White Papers and Guides

White Papers and Guides

Persuade with Facts Not Hype

A successful white paper or guide wins business with logical arguments or in-depth information, not hype. And these assets can bring in leads and sales for years to come.

But four things will tank tank them:             

  1. Being too "salesy"/not educational enough
  2. Having too few facts to back up claims
  3. Focusing more on you than the reader
  4. Being improperly planned

See my process for creating a winning white paper.        

Here's what you can expect when I write your white paper:

A White Paper Plan

Every white paper starts with a detailed plan that includes:

  • The goal for the White Paper
  • Who the target audience is
  • Where it fits in your funnel
  • The Call to Action
  • The format of the white paper
  • ​​​Broad overview of the content
  • List of keywords and keyphrases
  • List of official reviewers
  • List of research/background materials
  • List of subject matter experts to interview
  • Timelines
  • Writing and design guidelines

Starting with a white paper plan ensures everyone is on the same page and keeps the project flowing smoothly.

In-Depth Research and Interviews

After the white paper plan is approved, I'll pour over any background info you provide, dive into research, and start scheduling interviews. (You'll get copies of the recordings and transcripts.)

Then, I'll organize the research and create an executive summary.

Sign-Off on the Executive Summary Before I Start the First Draft

Once all the research and interviews are finished, I'll create a one to two-page executive summary. This summary will be a synopsis of every point I plan to make in the white paper.

You'll get to see each argument and give constructive feedback before the first draft is ever written. Then, I'll make any adjustments and begin the first draft.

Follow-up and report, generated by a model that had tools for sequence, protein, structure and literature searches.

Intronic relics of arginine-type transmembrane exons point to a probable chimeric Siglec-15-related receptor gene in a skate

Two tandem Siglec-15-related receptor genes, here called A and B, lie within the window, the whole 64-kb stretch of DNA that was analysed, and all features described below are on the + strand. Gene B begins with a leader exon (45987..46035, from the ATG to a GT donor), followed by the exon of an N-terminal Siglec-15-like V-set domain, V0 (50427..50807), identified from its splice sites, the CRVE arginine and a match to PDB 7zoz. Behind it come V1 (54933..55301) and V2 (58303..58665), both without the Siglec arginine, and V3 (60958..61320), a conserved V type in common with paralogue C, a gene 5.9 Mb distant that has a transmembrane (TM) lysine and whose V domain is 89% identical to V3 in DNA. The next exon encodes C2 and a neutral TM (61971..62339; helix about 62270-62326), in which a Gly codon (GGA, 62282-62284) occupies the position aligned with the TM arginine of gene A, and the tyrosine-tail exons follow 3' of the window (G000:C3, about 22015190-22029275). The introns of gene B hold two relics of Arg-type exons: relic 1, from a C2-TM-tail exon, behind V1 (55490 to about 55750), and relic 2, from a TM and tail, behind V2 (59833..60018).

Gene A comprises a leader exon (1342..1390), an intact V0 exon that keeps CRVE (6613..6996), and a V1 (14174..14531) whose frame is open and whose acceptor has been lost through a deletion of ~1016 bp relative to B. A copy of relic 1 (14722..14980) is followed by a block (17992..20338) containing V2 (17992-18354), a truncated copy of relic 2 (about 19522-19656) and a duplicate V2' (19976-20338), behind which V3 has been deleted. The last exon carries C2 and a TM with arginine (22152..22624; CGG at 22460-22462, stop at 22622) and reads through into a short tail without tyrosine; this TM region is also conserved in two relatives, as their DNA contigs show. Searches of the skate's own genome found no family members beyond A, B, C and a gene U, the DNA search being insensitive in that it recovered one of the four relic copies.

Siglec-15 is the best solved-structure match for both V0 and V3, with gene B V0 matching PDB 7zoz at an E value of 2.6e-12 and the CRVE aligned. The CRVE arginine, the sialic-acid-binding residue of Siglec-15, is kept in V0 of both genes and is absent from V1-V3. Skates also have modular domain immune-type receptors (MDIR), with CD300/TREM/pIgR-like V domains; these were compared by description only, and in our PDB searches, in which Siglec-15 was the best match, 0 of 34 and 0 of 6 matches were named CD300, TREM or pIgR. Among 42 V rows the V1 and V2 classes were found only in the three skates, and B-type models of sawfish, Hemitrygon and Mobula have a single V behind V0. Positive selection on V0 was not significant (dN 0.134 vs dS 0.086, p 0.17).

This way, when the first draft comes across your desk, it will be very close to a finished draft.

Two Rounds of Revisions

With all the checks and balances built into the steps above, two rounds of revisions are usually all that's necessary. More often than not, you won't need that many.

More input upfront means fewer revisions in the end, so you'll get a polished product, ready for design and distribution instead of a never-ending revision process that leads to missed deadlines.

A White Paper Your Leads Will Love

When you collaborate on a White Paper that keeps your prospects in mind from the start, it won't just be a self-serving sales piece. The end result will be a White Paper that serves the needs of your market.

And your prospects will love it.


Ideas for White Paper Formats

White Papers are great to use at nearly every stage of your sales funnel. Here are the most common formats and when it's best to use each.


What it is:

A problem/solution white paper does what its name implies. It tell readers how to solve a current problem they are facing within their industry. And it introduces your product or service as part of that solution.

What it does:

It sets your brand up as an industry authority and begins to build trust with your prospects as it educates and informs them.

When to use it:

These are perfect to offer at the top of your sales cycle when prospects are problem-aware and are beginning to research solutions.

Numbered List (Can stand alone or be combined with either of the other formats)

What it is:

It can be a list of questions that your prospects need answered. Or it can be a list of tips. It can even be a provocative list that kills your prospects "sacred cows," aka the beliefs they hold dear that would keep them from considering your product as a viable solution for their company.

What it does:

Gets attention, nutures prospects or sheds doubt on your top competitors. ​

When to use it:

A numbered list is often used in the middle of the sales funnel to help you stand out from the competition. It can keep you on your prospects' short list when they are "X"-ing other vendors off.


What it is:

A backgrounder explains your product or service in-depth. It can describe processes, methodologies and/or dive deep into technical information than won't fit on a data sheet alone.

What it does:

It gives your solution-aware prospects the details they need to evaluate how your product or service will integrate with their company.

When to use it:

These are used lower in the sales cycle when your prospects are looking for more technical information to evaluate their options.

Contact Holly Hughes-Barnes